Redistribution of tax cuts

Taxable incomeTax cut under original stage 3Tax cut under revised stage 3Difference
$20,000$0$00
$30,000$0$354354
$40,000$0$654654
$50,000$125$929804
$60,000$375$1,179804
$70,000$625$1,429804
$80,000$875$1,679804
$90,000$1,125$1,929804
$100,000$1,375$2,179804
$120,000$1,875$2,679804
$140,000$3,275$3,729454
$160,000$4,675$3,729-946
$180,000$6,075$3,729-2,346
$200,000$9,075$4,529-4,546
$250,000$9,075$4,529-4,546

Note: excludes Medicare levy


Individuals


Personal Tax Rates Cut

The undoubted headline of this year’s Budget was the cut to personal tax rates, which was initially announced back in January 2024. Key features include:

  • A cut in the 19% tax rate to 16%, saving $804 for those on taxable incomes of $45,000

  • A cut in the 32.5% rate to 30% for incomes between $45,000 and $135,000 

  • Retaining the 37 per cent rate but increasing the threshold for it to apply to $135,000.

  • Retaining the current 45% tax rate but increasing the threshold to $190,000 

  • Resident rates and thresholds for 2024-25

The tax rates and income thresholds from the 2024-25 for residents (as already legislated) are:


Tax rates and income thresholds from 2024-25

Taxable incomeTax payable
$0 - $18,200Nil
$18,201 - $45,000Nil + 16% of excess over $18,200
$45,001 - $135,000$4,288 + 30% of excess over $45,000
$135,001 - $190,000$31,288 + 37% of excess over $135,000
$190,001+$51,638 + 45% of excess over $190,000

  

Non resident tax rates and threshold for 2024-25

For 2024-25 and later income years, the tax rates for foreign residents are:

  • $0 - $135,000 - 30%;

  • $135,001 - $190,000 - 37%;

  • $190,001+ - 45%.

  

Working holidaymakers

 For 2024-25 and later income years, the rates of tax for working holiday makers are:

  • $0 - $45,000 - 15%;

  • $45,001 - $135,000 - 30%;

  • $135,001 - $190,000 - 37%;

  • $190,001+ - 45%.


Low Income Tax Offset (unchanged)

No changes were made to the low income tax offset (LITO) in the 2024-25 Budget.

Taxable income (TI)Amount of offset
$0 - $37,500$700
$37,501 - $45,000$700 - ([TI - $37,500] x 5%)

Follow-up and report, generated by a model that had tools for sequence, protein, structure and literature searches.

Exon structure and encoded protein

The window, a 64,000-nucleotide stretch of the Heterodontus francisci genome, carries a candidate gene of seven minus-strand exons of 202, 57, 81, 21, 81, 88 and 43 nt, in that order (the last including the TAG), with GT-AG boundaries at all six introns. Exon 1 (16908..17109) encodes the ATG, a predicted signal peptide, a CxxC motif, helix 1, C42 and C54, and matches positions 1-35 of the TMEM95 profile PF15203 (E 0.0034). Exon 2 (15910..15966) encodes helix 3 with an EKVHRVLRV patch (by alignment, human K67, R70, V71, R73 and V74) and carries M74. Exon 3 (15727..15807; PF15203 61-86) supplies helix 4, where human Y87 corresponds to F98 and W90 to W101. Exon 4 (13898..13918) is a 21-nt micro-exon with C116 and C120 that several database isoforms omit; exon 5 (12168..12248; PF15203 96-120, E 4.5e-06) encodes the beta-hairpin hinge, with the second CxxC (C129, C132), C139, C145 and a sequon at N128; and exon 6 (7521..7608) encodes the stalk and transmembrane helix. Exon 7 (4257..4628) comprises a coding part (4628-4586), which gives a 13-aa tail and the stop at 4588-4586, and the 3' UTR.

$45,001 - $66,667$325 - ([TI - $45,000] x 1.5%)
$66,668 +Nil

The maximum amount of the LITO is $700. The LITO is withdrawn at a rate of 5 cents per dollar between taxable incomes of $37,500 and $45,000 and then at a rate of 1.5 cents per dollar between taxable incomes of $45,000 and $66,667.


Medicare low-income thresholds for 2022-23

The Medicare levy low-income thresholds for 2023-24 would normally have been announced in this 2024-25 Budget. However, the Government released the 2023-24 Medicare levy thresholds on 25 January 2024 when it announced the changes to the Stage 3 tax cuts (see above). The new thresholds to provide cost-of-living relief were enacted by the Treasury Laws Amendment (Cost of Living - Medicare Levy) Act 2024.

From the 2023-24 income year, the Medicare levy low-income threshold for singles has been increased to $26,000 for 2023-24 (up from $24,276 for 2022-23). This represents an increase of 7.1 per cent, in line with inflation.

For couples with no children, the family income threshold is $43,846 (up from $40,939 for 2022-23). The additional amount of threshold for each dependent child or student is $4,027 (up from $3,760).

For single seniors and pensioners eligible for the SAPTO, the Medicare levy low-income threshold is $41,089 (up from $38,365). The family threshold for seniors and pensioners is $57,198 (up from $53,406), plus $4,027 for each dependent child or student (up from $3,760).


Student loan indexation to be reformed

In a welcome move by many, the government is to reform the indexation of HECS and HELP debts to the lower of the consumer price index (CPI) and the wage price index (WPI). This move is to be backdated to June 2023, which means that last year’s increase of 7.1 per cent will be lowered to the WPI of 3.2 per cent. This will wipe out around $3 billion in student debt from more than three million Australians.

The effect of this measure can be seen in the following table:

If your HECS debt balance is:You should get this much back:
$15,000$675
$25,000$1,120
$30,000$1,345
$35,000$1,570
$40,000$1,795
$45,000$2,020
$50,000$2,245
$60,000$2,690
$100,000$4,485
$130,000$5,835

  

Small Business


Instant Asset Write Off Extended For A Further Year

The instant asset write-off is to be retained for a further year through to 30 June 2025.